How being a TEFL teacher helped me develop 5 essential skills
I decided to spend a year as an English teacher in Mexico as I wanted to experience the world before starting my master’s degree. “OK. It sounds like fun” is what most of my friends and family told me. “But how is such a work experience related to a degree in international business?” they also added. I have to admit I thought they were right. I knew it was going to mark me for the rest of my life but how could it help me when looking for a job in marketing or business development or even event management?
Well, looking back at all that I learnt from those 10 months spent teaching, I can now say that is one of the work experiences that taught me the most in terms of understanding and communicating people, organizing my time and even speaking in public.
There is no job on earth that does not require good time management skills. Being an English teacher, you have to organize your time very wisely with lesson planning, preparation of the right equipment in the class, covering all the topics before the end of the session and even respecting deadlines. It all seems very overwhelming at the start, but as you gain experience as a teacher, it comes very natural and you realise that what you have been doing is managing every second of your time to make the session as effective as possible.
Communicating with people is not always easy. Sometimes what we say comes out as something different, as our body speaks too and may convey what we do not intend to convey. Having to deal with people of different age, background and even culture and language can teach you so much about the best way to communicate and make sure everyone receives exactly the message you want to give while avoiding any misunderstanding. And I can assure you, this is something that will turn out to be essential in any business environment. Whether you are in the middle of a negotiation or a meeting with a customer or with a potential partner.
Speaking in public
If you have never experienced that feeling of anxiety and “stage fright” before a presentation, then you must be a superhero. Whether it was a presentation in front of your teachers or a pitch deck for potential investors, or even a speech to deliver during an event with a big or small audience, being able to speak in public can turn out to be very tough that some people do not manage to learn during their entire life. Having to speak in front of a class, sometimes with people who are much older than you, and whom, at the start, you do not know at all, will train you for all the circumstances when you will have to deliver a speech in front of people. And again, this is a very handy skill to have while working in business or in any job where interaction with people is key.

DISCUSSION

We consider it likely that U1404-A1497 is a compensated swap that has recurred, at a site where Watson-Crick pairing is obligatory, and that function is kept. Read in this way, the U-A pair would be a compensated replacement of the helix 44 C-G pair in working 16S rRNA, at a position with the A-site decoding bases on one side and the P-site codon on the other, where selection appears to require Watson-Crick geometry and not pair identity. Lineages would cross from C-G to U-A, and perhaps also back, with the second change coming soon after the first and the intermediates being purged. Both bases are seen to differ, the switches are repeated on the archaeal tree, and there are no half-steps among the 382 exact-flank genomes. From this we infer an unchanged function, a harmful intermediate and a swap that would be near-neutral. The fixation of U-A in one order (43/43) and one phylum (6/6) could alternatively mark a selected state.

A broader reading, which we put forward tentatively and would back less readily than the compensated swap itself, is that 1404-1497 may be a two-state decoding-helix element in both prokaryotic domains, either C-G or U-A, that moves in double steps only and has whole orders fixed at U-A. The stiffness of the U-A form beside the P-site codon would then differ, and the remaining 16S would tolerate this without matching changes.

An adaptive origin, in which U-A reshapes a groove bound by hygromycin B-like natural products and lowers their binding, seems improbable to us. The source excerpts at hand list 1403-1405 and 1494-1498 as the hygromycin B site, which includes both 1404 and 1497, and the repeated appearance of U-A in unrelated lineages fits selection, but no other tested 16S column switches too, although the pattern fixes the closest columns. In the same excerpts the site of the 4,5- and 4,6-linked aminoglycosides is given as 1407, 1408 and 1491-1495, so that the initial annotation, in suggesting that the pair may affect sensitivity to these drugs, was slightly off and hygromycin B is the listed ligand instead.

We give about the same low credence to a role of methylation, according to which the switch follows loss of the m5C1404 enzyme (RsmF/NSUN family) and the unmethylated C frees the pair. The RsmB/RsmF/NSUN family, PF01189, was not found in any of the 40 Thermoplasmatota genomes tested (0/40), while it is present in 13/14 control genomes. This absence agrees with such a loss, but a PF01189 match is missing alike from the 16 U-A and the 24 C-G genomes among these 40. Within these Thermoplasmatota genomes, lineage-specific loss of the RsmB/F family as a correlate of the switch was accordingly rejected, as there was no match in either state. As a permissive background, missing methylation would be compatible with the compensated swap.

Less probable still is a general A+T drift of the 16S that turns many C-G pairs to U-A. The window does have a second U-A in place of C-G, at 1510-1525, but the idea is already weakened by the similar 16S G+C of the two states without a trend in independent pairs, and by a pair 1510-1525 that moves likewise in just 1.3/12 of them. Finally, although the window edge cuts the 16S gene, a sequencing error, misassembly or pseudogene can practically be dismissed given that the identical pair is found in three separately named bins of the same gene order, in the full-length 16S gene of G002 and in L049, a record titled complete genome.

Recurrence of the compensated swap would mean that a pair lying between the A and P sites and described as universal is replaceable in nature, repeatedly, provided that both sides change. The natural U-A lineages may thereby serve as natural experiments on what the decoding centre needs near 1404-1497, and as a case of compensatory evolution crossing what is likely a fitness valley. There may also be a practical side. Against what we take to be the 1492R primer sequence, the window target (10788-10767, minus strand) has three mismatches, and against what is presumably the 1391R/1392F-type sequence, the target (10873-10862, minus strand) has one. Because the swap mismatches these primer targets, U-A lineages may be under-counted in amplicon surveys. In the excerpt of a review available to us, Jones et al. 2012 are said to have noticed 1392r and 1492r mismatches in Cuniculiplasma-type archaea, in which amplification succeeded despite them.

They say leaders are those who inspire, those whom people naturally follow and trust. As a successful teacher, your end goal is to get your students to be inspired by you, to have you as a model and to be able to say “I learnt that from my teacher”. And this is what, ultimately, makes you a leader. In a work environment, you may find yourself managing a team which in the end, is not too different from managing a class. You will know how to overcome conflicts between team members, how to organise team work and how to have projects done in the most effective way.
Sense of humor
During my teaching experience, I often found myself in situations where all I wanted to do was laugh, either at me or because of something funny my students said. However, laughing like a madman in front of your students does not necessarily make you look like the most professional person on earth! This is how I managed to develop a good sense of humor, being able to still enjoy some laughter with my audience while not resulting offensive or disrespectful towards anyone.
Problem solving skills
Being a good problem solver does for sure turn out to be handy in any situation, work related or not. Classrooms with no boards, missing equipment, copy machine not working, classrooms that are extremely warm where it is almost impossible to concentrate, attendance sheets from other teachers whose class you took over… these are all problems any teacher will come across, especially if teaching in South American or South Asian countries where the concept of organisation does sometimes differ from the European one. This taught me how to find the most suitable solution in the quickest way possible, while still reaching my goals for my teaching session. And it is thanks to this that I no longer get scared when facing unexpected problems that occur while performing a task “I’ve been there before, I will find a solution” is what I tell myself!
So, if you are interested in doing a teaching experience abroad, don’t let the word “teacher” put you down or stop you from jumping into this experience. You will develop skills that you will be able to use throughout your whole life!